Friday, 25th September, 2015, was the big day – the day my first novel, The Wreck of the Argyll, was launched.
My partner Sandra and I made the 400-mile trip up from Leicester the previous day – we usually drive up to Dundee about once a year, but this year we’ve become a bit more familiar with the journey. It’s tiring – but it was worth it.
We spent a lazy morning in bookshops (where else?) and somehow managed to come away from Waterstone’s and the fantastic Oxfam charity bookshop on Reform Street with about a dozen books – then we had a leisurely lunch, and set off for the launch event in plenty of time. We’d even scouted the route to the West Park conference centre that morning. We hadn’t factored in the horrible Friday afternoon traffic on the Kingsway, though, so Fiona Macpherson from Dundee Libraries looked a bit worried when we finally turned up with just five minutes to spare!
After that, the event went very smoothly. Judy Dobbie from Dundee Libraries introduced the proceedings, then Mr Drummond, the chair of the First World War Scottish Commemorations, spoke. The launch of my book was tied into the commemorations for the centenary of the Battle of Loos, with Dundee at its centre. He seemed to have enjoyed the book, too, which was gratifying.
Then Amina Shah, CEO of Scottish Library & Information Service (and formerly of Dundee Libraries), who’d been involved in the project from the beginning, said a few words. I think she’s pretty proud of what her former colleagues in Dundee have achieved.
Helen Sedgwick from Cargo Publishing then spoke about Cargo’s role. I loved working with Helen – she edited the book into something I can really be proud of, but more importantly dealt superbly with the nerves of a first time author, from the way she phrased her editorial comments right up to responding to my panicked emails when I discovered bookshops were accidentally sending out the book 50 days before the official release!
Then Amy from Braeview Academy, who’d been one of the presenters at the prize ceremony back in March, read chapter 14 from the book. It’s the chapter where the Argyll has hit the reef, and young midshipman Harry Melville is rushing around trying to see how bad the damage is. You could say the chapter is a bit of a spoiler – but no more than the title of the book, I suppose.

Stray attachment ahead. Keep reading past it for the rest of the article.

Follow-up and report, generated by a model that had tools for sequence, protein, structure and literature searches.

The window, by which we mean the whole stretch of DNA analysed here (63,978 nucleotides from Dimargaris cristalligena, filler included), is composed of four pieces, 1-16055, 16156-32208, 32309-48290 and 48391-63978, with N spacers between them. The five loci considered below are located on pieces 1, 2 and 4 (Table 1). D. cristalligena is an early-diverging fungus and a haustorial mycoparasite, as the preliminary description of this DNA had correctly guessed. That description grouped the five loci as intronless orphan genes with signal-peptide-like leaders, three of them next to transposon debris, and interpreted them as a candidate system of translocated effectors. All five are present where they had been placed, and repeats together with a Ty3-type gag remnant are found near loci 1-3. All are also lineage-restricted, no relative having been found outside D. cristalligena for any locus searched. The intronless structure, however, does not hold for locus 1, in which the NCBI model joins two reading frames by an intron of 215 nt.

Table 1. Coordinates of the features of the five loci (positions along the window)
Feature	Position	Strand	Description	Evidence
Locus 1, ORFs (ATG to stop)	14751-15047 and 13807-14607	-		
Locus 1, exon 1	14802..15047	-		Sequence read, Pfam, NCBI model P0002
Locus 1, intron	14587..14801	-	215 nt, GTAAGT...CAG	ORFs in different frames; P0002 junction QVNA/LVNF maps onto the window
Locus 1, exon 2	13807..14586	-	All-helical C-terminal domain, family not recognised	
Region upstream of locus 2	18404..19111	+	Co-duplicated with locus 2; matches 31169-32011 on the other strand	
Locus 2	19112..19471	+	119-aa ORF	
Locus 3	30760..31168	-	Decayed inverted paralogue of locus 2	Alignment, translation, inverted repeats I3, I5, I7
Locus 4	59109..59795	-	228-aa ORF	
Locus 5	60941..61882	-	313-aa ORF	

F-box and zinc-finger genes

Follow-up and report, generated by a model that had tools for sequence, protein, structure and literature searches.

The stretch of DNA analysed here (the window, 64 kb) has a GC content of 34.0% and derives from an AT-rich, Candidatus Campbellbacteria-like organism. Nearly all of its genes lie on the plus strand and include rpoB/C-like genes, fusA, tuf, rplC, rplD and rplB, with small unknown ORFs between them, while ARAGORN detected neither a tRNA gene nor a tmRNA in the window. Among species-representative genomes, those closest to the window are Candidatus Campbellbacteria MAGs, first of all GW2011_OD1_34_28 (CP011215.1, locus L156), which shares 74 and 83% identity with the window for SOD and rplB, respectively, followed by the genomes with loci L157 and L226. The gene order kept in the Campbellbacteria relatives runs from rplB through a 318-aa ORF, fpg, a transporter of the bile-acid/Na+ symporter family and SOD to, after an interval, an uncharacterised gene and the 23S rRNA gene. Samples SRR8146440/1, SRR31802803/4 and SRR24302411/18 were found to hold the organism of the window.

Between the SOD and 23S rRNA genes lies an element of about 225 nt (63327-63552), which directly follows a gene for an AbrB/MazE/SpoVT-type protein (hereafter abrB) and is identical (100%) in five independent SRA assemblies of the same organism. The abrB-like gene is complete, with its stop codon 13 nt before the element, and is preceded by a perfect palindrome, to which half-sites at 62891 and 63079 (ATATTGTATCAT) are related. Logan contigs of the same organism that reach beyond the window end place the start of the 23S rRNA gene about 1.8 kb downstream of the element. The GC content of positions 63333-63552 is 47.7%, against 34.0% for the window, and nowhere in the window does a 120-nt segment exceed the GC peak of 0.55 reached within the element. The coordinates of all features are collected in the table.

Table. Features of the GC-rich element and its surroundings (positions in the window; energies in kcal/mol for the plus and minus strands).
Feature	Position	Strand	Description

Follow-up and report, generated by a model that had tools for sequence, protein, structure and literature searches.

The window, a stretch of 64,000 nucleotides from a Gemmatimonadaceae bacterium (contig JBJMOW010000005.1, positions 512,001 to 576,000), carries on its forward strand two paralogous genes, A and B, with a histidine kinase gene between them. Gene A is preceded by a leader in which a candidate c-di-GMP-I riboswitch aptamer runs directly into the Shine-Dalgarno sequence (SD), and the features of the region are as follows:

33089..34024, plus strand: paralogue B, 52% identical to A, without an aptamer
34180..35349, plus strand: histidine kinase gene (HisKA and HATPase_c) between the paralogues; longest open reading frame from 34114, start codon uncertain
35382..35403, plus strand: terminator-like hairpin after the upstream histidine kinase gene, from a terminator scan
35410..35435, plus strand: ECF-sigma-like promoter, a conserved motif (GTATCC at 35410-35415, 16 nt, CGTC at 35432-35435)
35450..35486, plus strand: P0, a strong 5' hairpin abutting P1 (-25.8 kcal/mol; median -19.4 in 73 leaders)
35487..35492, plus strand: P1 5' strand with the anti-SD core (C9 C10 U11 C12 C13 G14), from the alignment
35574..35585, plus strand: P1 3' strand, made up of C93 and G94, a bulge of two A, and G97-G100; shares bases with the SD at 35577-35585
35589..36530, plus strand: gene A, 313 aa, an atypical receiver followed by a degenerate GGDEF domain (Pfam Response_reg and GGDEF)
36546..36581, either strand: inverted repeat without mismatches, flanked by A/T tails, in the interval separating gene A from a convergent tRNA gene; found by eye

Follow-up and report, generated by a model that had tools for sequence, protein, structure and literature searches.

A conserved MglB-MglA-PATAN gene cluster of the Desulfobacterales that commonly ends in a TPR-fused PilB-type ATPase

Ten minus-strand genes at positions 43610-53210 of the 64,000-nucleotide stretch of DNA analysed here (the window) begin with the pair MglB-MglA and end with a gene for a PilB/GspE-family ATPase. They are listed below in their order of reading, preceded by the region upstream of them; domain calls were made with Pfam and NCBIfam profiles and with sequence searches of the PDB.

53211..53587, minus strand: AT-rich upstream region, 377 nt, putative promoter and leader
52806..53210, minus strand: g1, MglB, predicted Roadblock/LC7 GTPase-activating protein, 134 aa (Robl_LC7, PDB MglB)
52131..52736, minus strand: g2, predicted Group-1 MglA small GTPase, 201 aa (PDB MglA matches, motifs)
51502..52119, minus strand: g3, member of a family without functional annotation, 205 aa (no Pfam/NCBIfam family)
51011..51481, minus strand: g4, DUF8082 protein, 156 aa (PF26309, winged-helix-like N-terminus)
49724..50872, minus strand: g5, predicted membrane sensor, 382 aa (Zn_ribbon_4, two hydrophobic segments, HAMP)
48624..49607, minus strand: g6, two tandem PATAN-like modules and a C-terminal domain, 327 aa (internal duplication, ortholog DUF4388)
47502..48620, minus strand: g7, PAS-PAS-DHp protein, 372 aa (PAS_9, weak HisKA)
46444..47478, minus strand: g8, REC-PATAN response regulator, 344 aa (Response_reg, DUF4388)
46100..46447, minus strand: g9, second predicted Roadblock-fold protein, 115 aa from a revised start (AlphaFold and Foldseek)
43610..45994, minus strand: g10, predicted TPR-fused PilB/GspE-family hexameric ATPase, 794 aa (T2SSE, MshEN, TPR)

Then it was my turn.
My first duty was to present Qynn Herd with a copy of the cover art, framed along with her original design upon which Michael Gallacher based the final artwork. I was delighted to do this – everyone who sees the book comments on the gorgeous cover, and that’s down to Qynn and Michael – I just benefit from their talent!
Then I had to talk. I’m not good at public speaking. Believe it or not, when I was at school I entered debating and speech-making competitions, but the feedback was alway the same: “Well-written speech, John, but the performance, er, needs work.” If I’m reading from a prepared script, I mumble and rush and fall over my own tongue, so I’d decided to wing it a bit. I’d had a good think about what I wanted to say, though – I needed to thank everyone for helping make my dream come true.
It’s not really fair that there’s only one name on the front of the book, when you consider everyone that’s been involved in The Wreck of the Argyll. I’ve tried to thank as many people as possible in the acknowledgements in the book, but who reads those bits? The launch event was the ideal opportunity to let the world know how grateful I was to everyone. It was also a good time to appreciate how the book was serving a useful purpose in bringing to life the history of the Great War – particularly with all the commemoration events that day for the Loos centenary.
I couldn’t do any of it without Sandra, and she knows that, but it was nice to be able to tell the world how much she’s helped, too.
I hate public speaking, so I was glad when it was over, but more glad that I’d been able to thank the people who’d done so much for the book. But then came my second most hated thing – photographs!
At least I had company for some of the photographs.
It was lovely to catch up with Joe Lamb and Lindsay Littleson, too, the other finalists from the competition. I hadn’t seen them since March, but we’ve been keeping in touch through email and Twitter.
Finally, it was time to sign some books. Helen had brought a box of The Wreck of the Argyll, so I sat at a table and signed copies for people who wanted to buy one. So began a long series of conversations including the phrase “and how do you spell that?” It would be quite embarrassing to get a dedication name spelled incorrectly…
Eventually the queue of people dried up, and it was time to leave. It was an amazing experience – one that I never actually thought I’d have, particularly not in the dark days of endless submissions to agents and constant rejection. I’m not a believer in the power of positive thinking – I’m way too gloomy for that – but I am a believer in not giving up.
So there it was. My first book published, out in the world, being read and (hopefully) enjoyed. Enough people have asked about a sequel that there’s just a glimmer of hope that I might have a future in the writing business – you can sometimes con people into reading one book, but it’s difficult to convince them to read another if they didn’t enjoy the first.
But that’s for another day. Launch day belonged to The Wreck of the Argyll.